During his recent visit to the United States, Pope Benedict XVI not only conducted mass and met with the Catholic faithful, but he made a series of public statements about the role that our Judeo-Christian faith can play during these challenging times. As an evangelical Protestant I happen to disagree with Pope Benedict on many issues of Christian doctrine and ritual. But when it comes to his moral vision for America and the world I have one thing to say in response to the Pope’s visit: Amen.
I and many other evangelical leaders believe that our faith must not be confined to our churches on Sunday mornings. We maintain that our Christian values and compassion can be powerful tools for helping build a more just and humane nation. Pope Benedict thus spoke for all of us when he said that “Any tendency to treat religion as a private matter must be resisted” and called for Christian participation “in the exchange of ideas in the public square.”
The pope was recalling the history we all cherish when he cited George Washington’s Farewell Address to note that, “religion and morality represent ‘indispensable supports’ of political prosperity.” The pope likewise voiced all of our concerns when he recognized the threats posed by secularism and materialism not only to our morality but to our happiness.
As people of faith, our concerns go well beyond the borders of our country. After the horrors of the Nazi Holocaust, we joined our Jewish brothers in saying “Never Again!” For me, this commitment means never again allowing the Jewish people to be massacred or persecuted and thus helps to motivate my strong support for the State of Israel. But we also take from the Holocaust a universal “Never Again,” which means that we must never again allow genocide to be perpetrated against any of God’s children anywhere in the world.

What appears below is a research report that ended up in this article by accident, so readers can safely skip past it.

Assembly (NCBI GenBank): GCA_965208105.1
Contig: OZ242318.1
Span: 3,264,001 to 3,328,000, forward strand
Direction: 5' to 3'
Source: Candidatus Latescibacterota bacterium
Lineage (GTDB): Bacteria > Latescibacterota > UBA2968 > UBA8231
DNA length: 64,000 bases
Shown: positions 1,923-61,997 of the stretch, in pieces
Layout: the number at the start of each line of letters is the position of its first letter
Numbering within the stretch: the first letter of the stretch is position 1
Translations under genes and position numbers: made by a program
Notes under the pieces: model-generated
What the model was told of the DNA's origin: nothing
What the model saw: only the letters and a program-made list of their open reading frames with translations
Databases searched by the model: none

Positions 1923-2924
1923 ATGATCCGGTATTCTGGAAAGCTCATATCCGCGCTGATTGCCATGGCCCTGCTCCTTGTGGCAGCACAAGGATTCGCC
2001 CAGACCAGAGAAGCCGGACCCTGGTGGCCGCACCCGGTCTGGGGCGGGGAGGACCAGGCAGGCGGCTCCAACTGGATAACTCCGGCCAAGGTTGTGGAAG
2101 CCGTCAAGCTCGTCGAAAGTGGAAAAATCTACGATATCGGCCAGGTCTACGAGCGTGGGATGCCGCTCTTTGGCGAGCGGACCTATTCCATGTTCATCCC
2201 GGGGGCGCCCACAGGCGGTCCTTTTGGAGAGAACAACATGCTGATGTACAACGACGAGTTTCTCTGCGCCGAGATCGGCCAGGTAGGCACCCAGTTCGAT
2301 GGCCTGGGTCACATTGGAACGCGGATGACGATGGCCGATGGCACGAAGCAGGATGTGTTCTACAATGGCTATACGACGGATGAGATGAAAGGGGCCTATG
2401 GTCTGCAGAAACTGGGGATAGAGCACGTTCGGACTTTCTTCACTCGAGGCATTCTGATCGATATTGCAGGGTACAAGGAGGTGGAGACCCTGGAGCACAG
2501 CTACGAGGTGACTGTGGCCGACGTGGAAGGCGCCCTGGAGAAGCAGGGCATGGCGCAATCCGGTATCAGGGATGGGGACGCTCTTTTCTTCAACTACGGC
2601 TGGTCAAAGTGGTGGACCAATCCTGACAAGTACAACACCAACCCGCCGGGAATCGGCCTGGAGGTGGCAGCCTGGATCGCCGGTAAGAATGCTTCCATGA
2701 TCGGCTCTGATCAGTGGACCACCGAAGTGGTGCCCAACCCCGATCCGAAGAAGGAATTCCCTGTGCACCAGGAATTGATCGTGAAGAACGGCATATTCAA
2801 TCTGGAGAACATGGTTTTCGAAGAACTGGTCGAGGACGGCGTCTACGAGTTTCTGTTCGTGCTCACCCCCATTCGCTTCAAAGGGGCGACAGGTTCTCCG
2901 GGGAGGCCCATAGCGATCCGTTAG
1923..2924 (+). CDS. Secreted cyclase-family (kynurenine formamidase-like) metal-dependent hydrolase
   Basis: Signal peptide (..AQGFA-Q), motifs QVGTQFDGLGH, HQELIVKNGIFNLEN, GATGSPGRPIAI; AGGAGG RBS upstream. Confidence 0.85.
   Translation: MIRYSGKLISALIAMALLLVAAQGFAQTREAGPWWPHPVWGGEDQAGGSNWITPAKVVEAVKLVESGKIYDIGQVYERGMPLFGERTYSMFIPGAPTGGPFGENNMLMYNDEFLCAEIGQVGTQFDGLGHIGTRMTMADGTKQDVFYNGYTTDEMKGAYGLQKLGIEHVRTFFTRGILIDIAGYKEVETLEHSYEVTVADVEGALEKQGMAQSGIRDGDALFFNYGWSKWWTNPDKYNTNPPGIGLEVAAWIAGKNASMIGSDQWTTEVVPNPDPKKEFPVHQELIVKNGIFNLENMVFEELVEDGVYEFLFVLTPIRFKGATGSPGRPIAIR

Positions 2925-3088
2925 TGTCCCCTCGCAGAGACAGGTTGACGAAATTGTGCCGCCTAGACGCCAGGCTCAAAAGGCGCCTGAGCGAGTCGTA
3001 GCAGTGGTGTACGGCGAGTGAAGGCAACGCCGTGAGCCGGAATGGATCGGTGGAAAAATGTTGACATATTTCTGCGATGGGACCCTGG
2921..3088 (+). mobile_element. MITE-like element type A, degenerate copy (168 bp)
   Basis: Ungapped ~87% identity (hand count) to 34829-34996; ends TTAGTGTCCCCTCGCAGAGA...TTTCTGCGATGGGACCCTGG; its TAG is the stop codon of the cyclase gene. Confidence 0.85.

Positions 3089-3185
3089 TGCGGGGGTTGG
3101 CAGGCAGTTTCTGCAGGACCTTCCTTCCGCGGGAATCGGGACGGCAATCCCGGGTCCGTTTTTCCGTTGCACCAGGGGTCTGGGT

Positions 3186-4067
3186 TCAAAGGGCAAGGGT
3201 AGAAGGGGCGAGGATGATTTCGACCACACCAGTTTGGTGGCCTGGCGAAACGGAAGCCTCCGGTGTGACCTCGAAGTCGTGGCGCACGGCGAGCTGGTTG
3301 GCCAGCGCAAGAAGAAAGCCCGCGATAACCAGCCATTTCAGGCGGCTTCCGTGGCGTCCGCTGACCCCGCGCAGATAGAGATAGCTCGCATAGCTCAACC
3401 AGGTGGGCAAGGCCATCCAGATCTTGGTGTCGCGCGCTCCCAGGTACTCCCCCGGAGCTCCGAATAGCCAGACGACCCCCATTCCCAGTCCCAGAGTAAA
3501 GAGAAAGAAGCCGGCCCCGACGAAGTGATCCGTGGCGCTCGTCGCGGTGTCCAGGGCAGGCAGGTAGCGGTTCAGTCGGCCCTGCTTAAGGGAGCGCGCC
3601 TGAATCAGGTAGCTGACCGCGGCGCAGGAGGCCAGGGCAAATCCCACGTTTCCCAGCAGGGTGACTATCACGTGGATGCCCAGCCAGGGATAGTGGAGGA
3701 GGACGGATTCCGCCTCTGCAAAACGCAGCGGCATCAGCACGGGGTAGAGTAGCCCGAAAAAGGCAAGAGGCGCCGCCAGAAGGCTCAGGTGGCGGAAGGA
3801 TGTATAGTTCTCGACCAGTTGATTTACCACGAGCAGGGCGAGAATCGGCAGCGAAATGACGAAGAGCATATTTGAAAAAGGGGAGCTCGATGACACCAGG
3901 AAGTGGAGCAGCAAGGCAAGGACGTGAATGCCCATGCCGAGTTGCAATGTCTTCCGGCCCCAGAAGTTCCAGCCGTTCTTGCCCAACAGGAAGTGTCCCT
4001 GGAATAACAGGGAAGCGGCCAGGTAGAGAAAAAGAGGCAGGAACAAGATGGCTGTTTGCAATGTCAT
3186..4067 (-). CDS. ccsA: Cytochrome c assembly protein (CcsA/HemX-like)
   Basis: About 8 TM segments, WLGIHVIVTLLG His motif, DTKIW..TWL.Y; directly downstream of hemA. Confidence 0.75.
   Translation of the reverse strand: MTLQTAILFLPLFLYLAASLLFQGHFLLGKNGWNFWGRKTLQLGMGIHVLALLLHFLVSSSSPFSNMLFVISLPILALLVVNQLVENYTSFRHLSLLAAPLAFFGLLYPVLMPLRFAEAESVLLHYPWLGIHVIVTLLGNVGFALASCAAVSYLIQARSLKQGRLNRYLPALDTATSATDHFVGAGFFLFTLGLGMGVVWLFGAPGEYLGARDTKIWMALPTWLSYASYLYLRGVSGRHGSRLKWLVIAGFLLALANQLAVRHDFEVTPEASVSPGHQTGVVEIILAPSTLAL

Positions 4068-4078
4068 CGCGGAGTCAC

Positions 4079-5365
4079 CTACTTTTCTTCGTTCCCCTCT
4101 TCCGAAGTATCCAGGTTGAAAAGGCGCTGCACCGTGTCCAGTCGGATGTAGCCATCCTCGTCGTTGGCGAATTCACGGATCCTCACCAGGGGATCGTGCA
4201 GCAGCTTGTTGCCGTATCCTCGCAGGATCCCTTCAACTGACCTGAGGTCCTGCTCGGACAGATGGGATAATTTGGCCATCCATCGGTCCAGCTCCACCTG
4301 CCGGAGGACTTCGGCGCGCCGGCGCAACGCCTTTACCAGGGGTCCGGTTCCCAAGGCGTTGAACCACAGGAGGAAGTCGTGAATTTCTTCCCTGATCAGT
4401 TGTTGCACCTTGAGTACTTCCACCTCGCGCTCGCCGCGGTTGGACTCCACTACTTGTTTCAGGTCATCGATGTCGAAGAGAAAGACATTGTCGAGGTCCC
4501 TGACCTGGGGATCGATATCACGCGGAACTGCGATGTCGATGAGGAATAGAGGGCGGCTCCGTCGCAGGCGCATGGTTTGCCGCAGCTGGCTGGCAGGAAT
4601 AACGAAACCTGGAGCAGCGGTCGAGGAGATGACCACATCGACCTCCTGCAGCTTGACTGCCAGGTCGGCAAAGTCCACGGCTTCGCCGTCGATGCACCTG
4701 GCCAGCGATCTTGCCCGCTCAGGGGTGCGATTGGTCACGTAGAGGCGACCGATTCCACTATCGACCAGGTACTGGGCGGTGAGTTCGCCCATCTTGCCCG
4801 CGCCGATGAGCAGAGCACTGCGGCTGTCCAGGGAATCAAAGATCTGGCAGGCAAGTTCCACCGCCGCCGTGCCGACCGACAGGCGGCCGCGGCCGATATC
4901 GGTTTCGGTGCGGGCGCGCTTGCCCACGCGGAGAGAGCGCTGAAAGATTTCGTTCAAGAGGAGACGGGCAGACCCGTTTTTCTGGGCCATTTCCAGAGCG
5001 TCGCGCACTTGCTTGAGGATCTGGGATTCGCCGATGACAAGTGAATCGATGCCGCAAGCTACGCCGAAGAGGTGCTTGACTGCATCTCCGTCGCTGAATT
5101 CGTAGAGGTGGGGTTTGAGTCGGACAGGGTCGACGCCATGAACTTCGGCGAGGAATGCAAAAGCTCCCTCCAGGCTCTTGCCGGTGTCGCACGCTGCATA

Thus all of our hearts cheered when Pope Benedict stood before the United Nations and stated so forcefully that when states fail to protect the basic human rights of their citizens, “the international community must intervene.” Likewise, all people of faith applauded his comment in the same speech that it is religion’s “recognition of the transcendent value of every man and woman” which provides the powerful source of our commitment to resist genocide and terrorism.
My reaction to Pope Benedict”s visit may surprise some who have come to accept certain caricatures of my views of the Catholic Church. But as I have noted from the start, my critics have ignored the real point and strong emphasis of my words. I have indeed been quite zealous about condemning the past anti-Semitism of the Catholic Church. But I have been equally zealous in condemning Protestant anti-Semitism. Furthermore, as I noted in my 2006 book “Jerusalem Countdown,” I have long viewed Pope John Paul II and now Pope Benedict XVI as partners in this “righteous work” of overcoming our shared legacy of Christian anti-Semitism.
For decades I have taught that we Christians need to recognize that our roots are Jewish. As Christians we can only understand ourselves if we understand the Judaism from which we sprang. Pope Benedict made this very important point when he visited the Park East Synagogue in New York and shared that: “I find it moving to recall that Jesus, as a young boy, heard the words of Scripture and prayed in a place such as this.” With visits and words such as these, Pope Benedict is continuing the important work of recognizing our enormous Christian debt of gratitude to the Jewish people.
The world in which we live faces many difficult challenges. In recent days, we read in our paper of increased starvation due to higher food prices; of alienated youth planning to bomb their fellow students; of Islamic militants actually bombing innocents in Iraq and Israel; and about people so devoid of hope that they end their own lives.
I believe that the message of the Bible and of Judeo-Christian faith offers us timely answers to these problems. We were all inspired by Pope Benedict’s visit. It is my prayer that we will now follow his example and look beyond our differences to see that when it comes to the great challenges of our times, people of faith have much in common.
Pastor John Hagee is founder and senior pastor of Cornerstone Church in San Antonio, Tex.